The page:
NASA weighs mission to Venus after recent discovery of possible life

The Japan Times

Washington – NASA is considering approving by next April up to two planetary science missions from four proposals under review, including one to Venus that scientists involved in the project said could help determine whether or not that planet harbors life. An international research team on Monday described evidence of potential microbes residing in the harshly acidic Venusian clouds: traces of phosphine, a gas that on Earth is produced by bacteria inhabiting oxygen-free environments. It provided strong potential evidence of life beyond Earth. The U.S. space agency in February shortlisted four proposed missions that are now being reviewed by a NASA panel, two of which would involve robotic probes to Venus. One of those, called DAVINCI, would send a probe into the Venusian atmosphere.


High performance computing -- at condo prices

#artificialintelligence

San Diego Supercomputer Center makes high performance computing resources available to researchers via a "condo cluster" model. Many homebuyers have found that the most affordable path to homeownership leads to a condominium, in which the purchaser buys a piece of a much larger building. This same model is in play today in the high performance computing centers at many universities. Under this "condo cluster" model, faculty researchers buy a piece of a much larger HPC system. In a common scenario, researchers use equipment purchase funds from grants or other funding sources to buy compute nodes that are added to the cluster.


University of Miami Deploys $3.7M IBM Power System for AI, HPC

#artificialintelligence

CORAL GABLES, Fla., August 13, 2019 – What if massive data sets could be accessed and analyzed in just an hour, instead of a day? It could change the field of genomics, help researchers predict impacts of climate change more expediently, and help understand the origins of the universe. Today, the University of Miami (UM) announced that their new supercomputer, Triton, is installed and helping their researchers and analysts explore these possibilities. The new high-performance system uses the same AI-optimized architecture as the most powerful supercomputers in the world, the U.S. Department of Energy's Summit and Sierra supercomputers. The $3.7 million system was assembled and validated distally by IBM and the University's Center for Computational Science (CCS) personnel.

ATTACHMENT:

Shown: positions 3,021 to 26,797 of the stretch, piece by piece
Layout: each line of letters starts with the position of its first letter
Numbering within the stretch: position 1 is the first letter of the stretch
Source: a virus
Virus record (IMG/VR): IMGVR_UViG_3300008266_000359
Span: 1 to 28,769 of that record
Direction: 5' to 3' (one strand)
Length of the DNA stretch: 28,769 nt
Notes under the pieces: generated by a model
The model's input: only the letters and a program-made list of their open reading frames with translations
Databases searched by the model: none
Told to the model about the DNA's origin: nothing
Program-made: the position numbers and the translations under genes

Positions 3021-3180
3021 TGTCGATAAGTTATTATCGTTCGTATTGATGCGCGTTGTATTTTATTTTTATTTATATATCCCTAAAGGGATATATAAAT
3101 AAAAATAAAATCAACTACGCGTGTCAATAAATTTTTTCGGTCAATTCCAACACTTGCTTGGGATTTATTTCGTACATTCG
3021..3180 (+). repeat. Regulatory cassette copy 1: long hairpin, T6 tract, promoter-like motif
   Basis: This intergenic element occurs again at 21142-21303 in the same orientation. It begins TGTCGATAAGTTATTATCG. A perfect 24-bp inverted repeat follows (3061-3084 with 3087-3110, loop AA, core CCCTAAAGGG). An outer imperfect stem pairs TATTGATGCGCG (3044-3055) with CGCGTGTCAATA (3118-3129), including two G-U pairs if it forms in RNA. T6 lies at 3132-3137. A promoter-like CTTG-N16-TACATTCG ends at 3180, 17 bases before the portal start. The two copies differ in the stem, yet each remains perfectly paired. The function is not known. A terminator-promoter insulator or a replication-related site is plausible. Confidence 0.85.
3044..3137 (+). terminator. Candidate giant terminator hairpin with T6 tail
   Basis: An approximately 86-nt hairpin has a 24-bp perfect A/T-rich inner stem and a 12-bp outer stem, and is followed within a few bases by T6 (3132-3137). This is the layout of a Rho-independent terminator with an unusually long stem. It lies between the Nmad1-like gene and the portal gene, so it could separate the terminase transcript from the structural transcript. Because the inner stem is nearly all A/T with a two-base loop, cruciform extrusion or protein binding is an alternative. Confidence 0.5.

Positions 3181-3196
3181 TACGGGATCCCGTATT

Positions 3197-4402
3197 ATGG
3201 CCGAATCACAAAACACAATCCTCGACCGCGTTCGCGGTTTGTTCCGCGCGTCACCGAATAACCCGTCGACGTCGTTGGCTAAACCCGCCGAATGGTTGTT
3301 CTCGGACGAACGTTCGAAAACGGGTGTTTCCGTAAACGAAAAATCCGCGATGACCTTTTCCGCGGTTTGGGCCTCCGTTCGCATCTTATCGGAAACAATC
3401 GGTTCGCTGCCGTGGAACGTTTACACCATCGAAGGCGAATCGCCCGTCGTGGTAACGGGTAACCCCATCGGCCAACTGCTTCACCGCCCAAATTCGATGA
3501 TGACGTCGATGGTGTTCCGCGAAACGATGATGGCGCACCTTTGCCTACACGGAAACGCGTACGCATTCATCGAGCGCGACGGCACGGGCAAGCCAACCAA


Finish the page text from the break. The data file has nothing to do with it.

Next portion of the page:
Florida hospital uses artificial intelligence to save lives in the delivery room

#artificialintelligence

Seven hundred women a year die during childbirth in the United States, and about half of those deaths are considered preventable. Uncontrollable bleeding is the most common problem. Winnie Palmer Hospital for Women and Babies in Orlando, Florida, is now using artificial intelligence to monitor blood loss in real time. A robot simulates what it is like for a mother to experience a postpartum hemorrhage. Like thousands of new moms a year, Allison de Villiers almost died.


Orlando hospital uses artificial intelligence to save lives in the delivery room

#artificialintelligence

ORLANDO, Fla. - Seven hundred women a year die during childbirth in the United States, and about half of those deaths are considered preventable. Uncontrollable bleeding is the most common problem. Winnie Palmer Hospital for Women and Babies is now using artificial intelligence to monitor blood loss in real time. A robot simulates what it is like for a mother to experience a postpartum hemorrhage. Like thousands of new moms a year, Allison de Villiers almost died.